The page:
In the early hours of Saturday, August 7, Brazil’s sixth gold medal was won in boxing by Bahia native Hebert Conceição, who celebrated by saying: “Noble Warrior.” The expression is taken from the song Madiba, which Olodum sang for Mandela’s freedom. Conceição had already sung an extract from the song after the previous fight which led him to the final of the Tokyo Olympics: “Noble black warrior with a light soul, noble black warrior and fighter, let the good winds carry you calmly wherever you go….”

His singing made a buzz on social media. When he sang the song on August 1, Kaique Dalapola, community correspondent of the Mural Agency of Peripheral Journalism, posted online:

“Noble black warrior with a light soul, noble black warrior and fighter, let the good winds carry you calmly wherever you go.”
From Salvador to a million in Tokyo
Hebert Conceição is in the boxing semi-final and has already guaranteed, at the very least, the bronze medal for Brazil!!! Let’s do this!!

On August 7, the winds carried the “noble black warrior and fighter,” Conceição, to the highest point on the Olympic podium. University of Brasília doctoral candidate in Political Sciences Luiza Carvalho celebrated on Twitter:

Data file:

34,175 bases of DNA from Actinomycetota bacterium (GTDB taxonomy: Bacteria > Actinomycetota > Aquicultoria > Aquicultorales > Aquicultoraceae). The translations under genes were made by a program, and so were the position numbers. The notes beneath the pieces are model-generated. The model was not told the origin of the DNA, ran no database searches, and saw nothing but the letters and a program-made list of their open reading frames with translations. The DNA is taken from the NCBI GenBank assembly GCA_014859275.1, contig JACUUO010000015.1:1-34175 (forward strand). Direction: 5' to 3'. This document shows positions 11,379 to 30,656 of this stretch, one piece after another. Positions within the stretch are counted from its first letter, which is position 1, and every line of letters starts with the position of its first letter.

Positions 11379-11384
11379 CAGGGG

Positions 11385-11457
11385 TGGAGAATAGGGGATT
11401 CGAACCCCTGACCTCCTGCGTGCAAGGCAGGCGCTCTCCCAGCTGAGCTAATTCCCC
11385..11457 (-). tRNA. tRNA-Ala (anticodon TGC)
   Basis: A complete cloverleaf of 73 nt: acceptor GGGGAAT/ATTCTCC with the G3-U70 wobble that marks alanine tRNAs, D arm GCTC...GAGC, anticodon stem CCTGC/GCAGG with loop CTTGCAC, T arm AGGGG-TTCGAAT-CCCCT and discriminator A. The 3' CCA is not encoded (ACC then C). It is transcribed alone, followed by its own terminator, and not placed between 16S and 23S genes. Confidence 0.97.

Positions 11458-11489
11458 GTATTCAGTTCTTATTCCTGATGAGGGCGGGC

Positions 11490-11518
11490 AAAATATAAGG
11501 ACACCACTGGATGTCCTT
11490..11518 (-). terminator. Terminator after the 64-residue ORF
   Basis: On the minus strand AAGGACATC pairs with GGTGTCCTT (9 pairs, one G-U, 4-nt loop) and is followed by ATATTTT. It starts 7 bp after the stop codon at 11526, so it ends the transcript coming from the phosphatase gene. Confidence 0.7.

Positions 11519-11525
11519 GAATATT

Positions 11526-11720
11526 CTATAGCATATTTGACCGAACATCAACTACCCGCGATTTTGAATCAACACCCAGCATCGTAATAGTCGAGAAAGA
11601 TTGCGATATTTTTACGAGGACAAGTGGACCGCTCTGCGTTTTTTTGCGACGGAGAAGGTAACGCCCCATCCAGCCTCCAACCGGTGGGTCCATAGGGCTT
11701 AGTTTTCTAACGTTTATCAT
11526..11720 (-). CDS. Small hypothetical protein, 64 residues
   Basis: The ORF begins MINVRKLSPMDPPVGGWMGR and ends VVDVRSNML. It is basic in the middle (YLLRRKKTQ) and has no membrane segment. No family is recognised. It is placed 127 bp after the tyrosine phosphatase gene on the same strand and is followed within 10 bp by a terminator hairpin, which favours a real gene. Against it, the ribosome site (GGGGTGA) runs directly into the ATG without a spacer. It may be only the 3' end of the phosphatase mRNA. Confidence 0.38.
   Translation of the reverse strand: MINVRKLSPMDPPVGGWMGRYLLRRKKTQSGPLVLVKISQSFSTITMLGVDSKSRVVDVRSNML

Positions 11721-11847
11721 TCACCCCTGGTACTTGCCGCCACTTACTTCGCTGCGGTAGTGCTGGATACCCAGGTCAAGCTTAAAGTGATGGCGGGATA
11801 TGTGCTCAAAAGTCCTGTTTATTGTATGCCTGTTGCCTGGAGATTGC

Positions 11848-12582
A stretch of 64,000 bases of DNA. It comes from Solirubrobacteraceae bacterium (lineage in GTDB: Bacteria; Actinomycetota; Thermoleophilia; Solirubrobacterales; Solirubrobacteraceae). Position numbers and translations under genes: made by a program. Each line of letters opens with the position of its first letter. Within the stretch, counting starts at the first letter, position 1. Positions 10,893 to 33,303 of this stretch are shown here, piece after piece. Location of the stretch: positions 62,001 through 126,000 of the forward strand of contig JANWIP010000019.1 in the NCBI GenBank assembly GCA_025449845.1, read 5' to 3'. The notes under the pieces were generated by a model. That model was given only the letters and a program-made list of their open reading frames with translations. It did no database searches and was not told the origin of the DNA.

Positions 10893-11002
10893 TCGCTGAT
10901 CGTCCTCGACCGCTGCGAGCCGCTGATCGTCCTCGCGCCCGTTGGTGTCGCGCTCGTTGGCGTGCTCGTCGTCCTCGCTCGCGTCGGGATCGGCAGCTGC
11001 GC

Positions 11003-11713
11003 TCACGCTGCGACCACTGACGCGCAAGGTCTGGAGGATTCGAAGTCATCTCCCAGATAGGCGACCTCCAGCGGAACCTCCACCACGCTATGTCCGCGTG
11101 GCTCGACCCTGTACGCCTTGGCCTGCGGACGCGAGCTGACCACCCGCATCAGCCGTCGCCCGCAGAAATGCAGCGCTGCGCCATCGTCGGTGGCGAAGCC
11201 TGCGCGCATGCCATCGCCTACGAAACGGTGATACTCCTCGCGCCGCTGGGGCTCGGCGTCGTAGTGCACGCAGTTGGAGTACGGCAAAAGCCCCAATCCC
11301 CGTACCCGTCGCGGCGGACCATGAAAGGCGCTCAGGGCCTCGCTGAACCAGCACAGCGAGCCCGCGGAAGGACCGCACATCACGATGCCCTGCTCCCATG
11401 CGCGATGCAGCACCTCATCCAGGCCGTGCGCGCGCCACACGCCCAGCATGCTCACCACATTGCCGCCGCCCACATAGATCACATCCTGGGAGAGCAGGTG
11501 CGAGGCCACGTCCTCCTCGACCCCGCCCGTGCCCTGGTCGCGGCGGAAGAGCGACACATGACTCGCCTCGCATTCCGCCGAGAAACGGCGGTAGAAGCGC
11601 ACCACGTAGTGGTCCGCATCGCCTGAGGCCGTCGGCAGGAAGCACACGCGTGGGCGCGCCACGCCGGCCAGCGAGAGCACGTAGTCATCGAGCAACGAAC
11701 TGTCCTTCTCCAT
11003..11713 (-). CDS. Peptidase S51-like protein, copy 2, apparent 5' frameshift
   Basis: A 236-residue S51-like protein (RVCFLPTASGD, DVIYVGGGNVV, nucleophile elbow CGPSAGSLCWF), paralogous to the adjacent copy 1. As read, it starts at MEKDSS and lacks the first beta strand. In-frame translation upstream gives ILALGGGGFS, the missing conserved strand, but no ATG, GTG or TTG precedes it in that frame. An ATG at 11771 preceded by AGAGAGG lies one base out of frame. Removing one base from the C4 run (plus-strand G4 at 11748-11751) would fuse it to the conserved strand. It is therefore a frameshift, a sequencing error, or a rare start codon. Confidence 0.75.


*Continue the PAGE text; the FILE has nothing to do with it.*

A Young Black Man Alive and Olympic Champion, gold medal in Tokyo!!! Hebert is the one!!!!

About the author: Black journalist Rafael Lopes has a master’s in Communication from the Federal University of Rio de Janeiro (UFRJ). He researches the work of journalist and writer Lima Barreto.

About the artist: An undergraduate at the Federal University of Rio de Janeiro’s (UFRJ) School of Fine Arts, Raquel Batista, 19, was born and raised in Campo Grande and currently lives in Engenho de Dentro, in Rio’s North Zone. A visual artist who works as a photographer and illustrator, her goal is to use art to represent people who, like her, a young black woman from the periphery, are not always seen.

This article is the latest contribution to our year-long reporting project, “Rooting Anti-Racism in the Favelas: Deconstructing Social Narratives About Racism in Rio de Janeiro.” Follow our Rooting Anti-Racism in the Favelas series here.